Warm Season Turfgrass News Bulletin

Around the Southeast the cool, wet spring has plagued warm season turfgrasses and recently I came across a news bulletin published Dr. Grady Miller of the North Carolina State University Turfgrass Department.

Spring Green-up of Warm-Season Grasse

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Grady Miller
May 31, 2013

Spring Green-up of Warm-Season Grasses – Grady Miller

 

Once again Mother Nature seems to be causing problems with our warm-season grasses in NC, particularly zoysiagrasses. In addition to zoysiagrass, the other warm-season grasses—-bermudagrass, centipedegrass, and St Augustinegrass are generally well behind in their normal growth for this time of year.

There were limited days with warm temperatures in early spring followed by mostly below average temperatures in April and May. This has caused some differential green-up among the cultivars and species. Microclimate and cultural practices may also significantly influence the green-up response among cultivars and species. So, two golf courses may have the same grass and one golf course may be totally green and the other golf course still not 100%. And until we get consistently warm temperatures (lows in the 60s) the warm season grasses will not begin growing to their full potential.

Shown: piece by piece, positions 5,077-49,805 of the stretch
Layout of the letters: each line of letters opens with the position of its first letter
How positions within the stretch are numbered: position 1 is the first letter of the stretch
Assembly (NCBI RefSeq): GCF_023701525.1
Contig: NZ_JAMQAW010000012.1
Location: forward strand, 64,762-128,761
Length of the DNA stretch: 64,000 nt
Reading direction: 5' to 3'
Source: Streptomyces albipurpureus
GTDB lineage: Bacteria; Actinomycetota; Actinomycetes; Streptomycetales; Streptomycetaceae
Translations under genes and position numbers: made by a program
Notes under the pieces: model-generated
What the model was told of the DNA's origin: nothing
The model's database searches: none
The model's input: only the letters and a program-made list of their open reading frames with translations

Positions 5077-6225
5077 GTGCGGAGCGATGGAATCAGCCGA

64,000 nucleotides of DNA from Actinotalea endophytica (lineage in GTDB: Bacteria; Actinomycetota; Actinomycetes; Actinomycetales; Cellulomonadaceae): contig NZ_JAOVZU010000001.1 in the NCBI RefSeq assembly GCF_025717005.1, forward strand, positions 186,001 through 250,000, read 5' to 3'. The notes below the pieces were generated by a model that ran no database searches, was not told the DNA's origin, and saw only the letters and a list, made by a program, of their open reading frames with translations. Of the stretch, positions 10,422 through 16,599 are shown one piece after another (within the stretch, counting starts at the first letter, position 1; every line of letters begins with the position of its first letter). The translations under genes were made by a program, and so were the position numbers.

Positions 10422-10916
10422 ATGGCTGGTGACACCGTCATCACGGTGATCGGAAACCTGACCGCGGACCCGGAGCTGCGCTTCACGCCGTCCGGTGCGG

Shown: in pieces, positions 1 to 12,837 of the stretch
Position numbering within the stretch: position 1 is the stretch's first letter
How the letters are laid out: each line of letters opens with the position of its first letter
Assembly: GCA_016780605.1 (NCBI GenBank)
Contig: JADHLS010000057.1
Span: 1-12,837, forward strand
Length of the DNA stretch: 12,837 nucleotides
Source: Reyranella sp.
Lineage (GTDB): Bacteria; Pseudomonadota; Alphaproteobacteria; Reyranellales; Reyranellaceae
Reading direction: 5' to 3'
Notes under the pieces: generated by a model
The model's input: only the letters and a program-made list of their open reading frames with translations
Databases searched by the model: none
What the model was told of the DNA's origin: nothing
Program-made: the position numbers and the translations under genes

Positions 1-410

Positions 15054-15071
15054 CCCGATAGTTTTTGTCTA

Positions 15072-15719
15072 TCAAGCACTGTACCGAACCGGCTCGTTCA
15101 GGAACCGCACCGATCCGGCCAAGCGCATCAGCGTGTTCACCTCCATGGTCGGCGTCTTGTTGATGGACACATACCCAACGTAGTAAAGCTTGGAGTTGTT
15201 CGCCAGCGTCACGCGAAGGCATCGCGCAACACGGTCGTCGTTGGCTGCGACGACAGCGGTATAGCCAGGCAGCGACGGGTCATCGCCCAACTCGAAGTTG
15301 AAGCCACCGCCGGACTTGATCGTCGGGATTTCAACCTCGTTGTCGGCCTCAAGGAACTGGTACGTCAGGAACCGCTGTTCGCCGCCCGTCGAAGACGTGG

On a positive side, reports of winterkill have been low with the greatest number of incidents coming from areas that had late-seeded bermudagrass (less than 1 year old). There is also still a fair amount of ryegrass that was overseeded that is holding on due to the extended cool temperatures. This may result in greater damage to warm-season grass stands from competition for light.

Generally, all the site needs is some time and warmer weather combined with reasonable fertility/irrigation practices. In most cases growth has been initiated at the plant’s crown, down in the canopy of dormant tissue. Removing some of the brown, dormant material so that more sunlight can reach this green material will enhance growth with our current warm temperatures.

So, this is another spring that patience is needed if you are growing warm-season turfgrasses.


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